[PW] Firmin Dredd - pseudonym for who?

Donna Halper dlh at donnahalper.com
Tue Mar 27 09:32:59 PDT 2018

ADSGarson O'Toole wrote:
> I haven't been able to find out who was behind the name "Firmin
> Dredd", but I did notice that it displayed some longevity. Of course,
> it may have been used by more than one person.  The "Chicago Tribune" on March 9, 1900 referred to an article about
> dime novels by Firmin Dredd in "The Bookman"... [snip]  The name was employed in yet another decade. It appeared in 1922 in
> "The New York Herald".

Dennis Lien then noted correctly that the noted scholar and professor of 
Latin Henry Thurston Peck edited The Bookman during this time and 
surmised he might have sometimes assumed the identity of Firmin Dredd.  
This theory is given some credence with a comment I found in one of the 
many obituaries for Peck.  He was, by all accounts, "brilliant but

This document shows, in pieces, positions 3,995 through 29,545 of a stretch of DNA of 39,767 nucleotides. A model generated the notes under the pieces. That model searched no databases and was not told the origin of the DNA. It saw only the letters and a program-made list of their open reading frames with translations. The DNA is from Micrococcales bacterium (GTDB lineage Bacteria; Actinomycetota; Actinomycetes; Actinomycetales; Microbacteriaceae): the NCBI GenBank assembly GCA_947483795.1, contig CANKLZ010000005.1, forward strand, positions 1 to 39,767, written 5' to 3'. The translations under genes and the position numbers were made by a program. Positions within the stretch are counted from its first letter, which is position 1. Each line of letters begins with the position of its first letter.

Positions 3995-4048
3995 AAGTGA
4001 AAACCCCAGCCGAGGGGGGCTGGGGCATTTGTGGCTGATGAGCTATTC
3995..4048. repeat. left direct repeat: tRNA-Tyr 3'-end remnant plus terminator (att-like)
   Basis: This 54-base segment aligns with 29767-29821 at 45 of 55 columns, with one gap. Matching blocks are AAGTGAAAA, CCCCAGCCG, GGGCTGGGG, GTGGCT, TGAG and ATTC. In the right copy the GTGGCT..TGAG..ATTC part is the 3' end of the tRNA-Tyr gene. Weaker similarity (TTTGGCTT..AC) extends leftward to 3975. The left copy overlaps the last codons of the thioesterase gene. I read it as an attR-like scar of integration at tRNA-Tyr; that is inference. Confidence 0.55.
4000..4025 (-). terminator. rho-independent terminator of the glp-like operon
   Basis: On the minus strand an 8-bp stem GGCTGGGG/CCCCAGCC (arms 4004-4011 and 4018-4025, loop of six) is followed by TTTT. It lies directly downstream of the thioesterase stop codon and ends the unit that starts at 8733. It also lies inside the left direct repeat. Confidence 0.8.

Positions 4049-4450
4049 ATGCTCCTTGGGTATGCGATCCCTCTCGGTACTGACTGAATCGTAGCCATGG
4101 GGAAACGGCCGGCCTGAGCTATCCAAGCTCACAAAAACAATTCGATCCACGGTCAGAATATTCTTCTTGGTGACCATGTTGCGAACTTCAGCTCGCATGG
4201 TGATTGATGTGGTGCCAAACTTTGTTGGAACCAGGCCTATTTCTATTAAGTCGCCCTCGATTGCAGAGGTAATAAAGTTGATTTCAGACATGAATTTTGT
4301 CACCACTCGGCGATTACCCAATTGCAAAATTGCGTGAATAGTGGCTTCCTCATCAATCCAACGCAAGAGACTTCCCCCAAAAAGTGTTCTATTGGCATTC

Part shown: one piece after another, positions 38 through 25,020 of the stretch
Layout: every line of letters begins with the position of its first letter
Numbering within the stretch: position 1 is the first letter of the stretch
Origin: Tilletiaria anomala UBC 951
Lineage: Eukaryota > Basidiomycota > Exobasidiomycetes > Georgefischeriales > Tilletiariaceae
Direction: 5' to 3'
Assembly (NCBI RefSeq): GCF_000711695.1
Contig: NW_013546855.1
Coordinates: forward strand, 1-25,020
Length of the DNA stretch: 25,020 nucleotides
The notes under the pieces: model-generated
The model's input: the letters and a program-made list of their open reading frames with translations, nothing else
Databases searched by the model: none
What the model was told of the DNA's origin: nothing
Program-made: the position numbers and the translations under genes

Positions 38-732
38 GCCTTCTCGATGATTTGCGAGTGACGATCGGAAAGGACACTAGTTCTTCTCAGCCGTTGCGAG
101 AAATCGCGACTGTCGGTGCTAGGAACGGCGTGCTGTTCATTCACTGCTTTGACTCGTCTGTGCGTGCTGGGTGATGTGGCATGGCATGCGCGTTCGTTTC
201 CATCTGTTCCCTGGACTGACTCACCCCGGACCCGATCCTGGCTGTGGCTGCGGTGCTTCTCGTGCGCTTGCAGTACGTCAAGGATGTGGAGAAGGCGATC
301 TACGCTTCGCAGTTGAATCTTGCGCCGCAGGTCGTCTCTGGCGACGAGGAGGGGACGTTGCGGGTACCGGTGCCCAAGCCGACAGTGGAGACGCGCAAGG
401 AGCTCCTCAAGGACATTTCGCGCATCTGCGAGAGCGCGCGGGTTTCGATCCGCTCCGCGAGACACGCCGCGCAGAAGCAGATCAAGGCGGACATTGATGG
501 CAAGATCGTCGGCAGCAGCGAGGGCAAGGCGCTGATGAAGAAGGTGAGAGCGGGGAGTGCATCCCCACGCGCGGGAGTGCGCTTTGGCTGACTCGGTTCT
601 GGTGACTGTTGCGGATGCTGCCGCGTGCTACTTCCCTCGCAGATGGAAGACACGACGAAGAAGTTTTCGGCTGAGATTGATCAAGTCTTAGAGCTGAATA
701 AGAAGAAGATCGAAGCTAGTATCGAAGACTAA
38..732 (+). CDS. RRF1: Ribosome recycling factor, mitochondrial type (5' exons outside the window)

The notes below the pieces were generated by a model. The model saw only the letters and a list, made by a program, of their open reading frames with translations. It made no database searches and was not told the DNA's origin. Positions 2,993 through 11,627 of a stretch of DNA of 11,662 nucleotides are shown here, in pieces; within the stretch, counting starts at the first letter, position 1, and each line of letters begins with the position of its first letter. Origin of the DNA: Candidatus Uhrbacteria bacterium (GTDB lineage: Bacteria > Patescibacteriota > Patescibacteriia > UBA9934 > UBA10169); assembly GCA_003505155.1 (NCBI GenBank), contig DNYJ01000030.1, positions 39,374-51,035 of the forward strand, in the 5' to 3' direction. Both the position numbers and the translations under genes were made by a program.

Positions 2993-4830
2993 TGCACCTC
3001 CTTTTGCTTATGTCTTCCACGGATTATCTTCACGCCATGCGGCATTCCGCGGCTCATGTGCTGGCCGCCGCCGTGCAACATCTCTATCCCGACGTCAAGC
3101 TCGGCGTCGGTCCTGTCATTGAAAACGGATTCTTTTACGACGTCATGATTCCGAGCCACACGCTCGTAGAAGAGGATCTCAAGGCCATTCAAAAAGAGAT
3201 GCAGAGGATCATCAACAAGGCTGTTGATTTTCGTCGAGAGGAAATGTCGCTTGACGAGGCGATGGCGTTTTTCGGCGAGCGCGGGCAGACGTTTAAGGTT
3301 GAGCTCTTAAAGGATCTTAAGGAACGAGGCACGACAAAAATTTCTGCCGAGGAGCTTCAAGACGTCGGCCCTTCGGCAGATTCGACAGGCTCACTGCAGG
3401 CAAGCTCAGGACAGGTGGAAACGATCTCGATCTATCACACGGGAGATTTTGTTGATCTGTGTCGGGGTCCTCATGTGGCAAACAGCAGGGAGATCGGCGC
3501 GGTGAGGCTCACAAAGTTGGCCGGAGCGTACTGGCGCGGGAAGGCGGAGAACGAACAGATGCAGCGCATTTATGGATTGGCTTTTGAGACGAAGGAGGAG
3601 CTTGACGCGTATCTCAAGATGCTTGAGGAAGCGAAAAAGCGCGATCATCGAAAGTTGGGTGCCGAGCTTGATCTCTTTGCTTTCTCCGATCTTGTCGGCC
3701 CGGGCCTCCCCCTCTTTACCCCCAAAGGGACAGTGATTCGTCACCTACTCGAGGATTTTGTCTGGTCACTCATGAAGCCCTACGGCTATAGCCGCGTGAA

erratic"-- he committed suicide in March 1914, and reporters noted he 
died in "a cheap boarding house," a far cry from his former life in 
academia.  Although widely quoted and admired for his scholarly work, he 
also lived far beyond his means and often had money problems, as well as 
having problems with women, one of whom sued him for "breach of promise" 
("philanderer" was a word applied to him posthumously).  But in one 
obituary I found, which originally ran in the New York World, the author 
noted that Peck supplemented his income by writing articles and opinion 
pieces under a variety of pseudonyms.  Unfortunately, the obit does not 
say whether "Firmin Dredd" was one of them.  But given that Peck died in 
1914, Garson's comment that several people may have used this name seems 
possible-- especially if Peck may have been one of the folks who 
operated with this pseudonym.  I'll dig further!

Donna L. Halper, PhD
Associate Professor of Communication & Media Studies
Lesley University, Cambridge MA

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